Apple doesn't care about lower price points. They are about obscene profit margins. That's why they are sitting on $100B cash while other PC manufacturers struggle to survive.

    The market is coming to Apple's price points, not the other way around. Mac sales continue to increase year-on-year and they are amongst the very few PC manufacturers posting sales gains.
    Yes, but it is time to cash in on the name they have been building for themselves over the last 15 years. Think of it this way, Dell, HP, and others fight each other for the low end price point (400-700.) If Apple struts in with a decent quality laptop with some of the high end features nipped off like the aluminum chassis, high end display, etc, then they could still make the same profit at a lower price point of 599-699. That leaves no room at all for the other guys. I mean, who would buy a dell when you can get an apple for around the same price?

    They would fly off the shelves. I think apple may be quite different in the coming years with Steve gone, RIP. I think he really pushed for the actual high end position and quality of Apple, but the new management may only push for the high end branding of Apple, which opens up new doors and endless money if done correctly.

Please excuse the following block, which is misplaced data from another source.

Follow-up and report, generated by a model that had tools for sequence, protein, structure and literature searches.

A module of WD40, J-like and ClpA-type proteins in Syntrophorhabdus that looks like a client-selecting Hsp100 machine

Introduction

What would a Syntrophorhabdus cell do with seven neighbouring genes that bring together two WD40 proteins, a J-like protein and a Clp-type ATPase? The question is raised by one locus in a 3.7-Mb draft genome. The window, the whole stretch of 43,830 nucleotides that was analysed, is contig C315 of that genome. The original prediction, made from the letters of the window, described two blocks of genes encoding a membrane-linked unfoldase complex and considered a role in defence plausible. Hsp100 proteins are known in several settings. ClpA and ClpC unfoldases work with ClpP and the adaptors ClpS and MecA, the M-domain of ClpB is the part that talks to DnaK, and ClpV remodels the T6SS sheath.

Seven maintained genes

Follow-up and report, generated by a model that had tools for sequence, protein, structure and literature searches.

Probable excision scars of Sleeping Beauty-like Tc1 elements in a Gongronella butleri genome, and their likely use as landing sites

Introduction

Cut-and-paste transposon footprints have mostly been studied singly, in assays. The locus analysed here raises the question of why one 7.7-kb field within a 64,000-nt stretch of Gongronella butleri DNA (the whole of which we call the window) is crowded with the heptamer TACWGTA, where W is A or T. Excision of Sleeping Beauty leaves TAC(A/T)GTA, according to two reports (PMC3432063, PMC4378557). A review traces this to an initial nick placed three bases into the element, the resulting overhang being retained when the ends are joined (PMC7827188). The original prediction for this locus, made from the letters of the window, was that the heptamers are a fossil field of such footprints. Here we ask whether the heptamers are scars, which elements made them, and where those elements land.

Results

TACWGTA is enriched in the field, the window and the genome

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  10. #10
    Reef Shark
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    Quote Originally Posted by Timman_24 View Post
    Yes, but it is time to cash in on the name they have been building for themselves over the last 15 years. Think of it this way, Dell, HP, and others fight each other for the low end price point (400-700.) If Apple struts in with a decent quality laptop with some of the high end features nipped off like the aluminum chassis, high end display, etc, then they could still make the same profit at a lower price point of 599-699. That leaves no room at all for the other guys. I mean, who would buy a dell when you can get an apple for around the same price?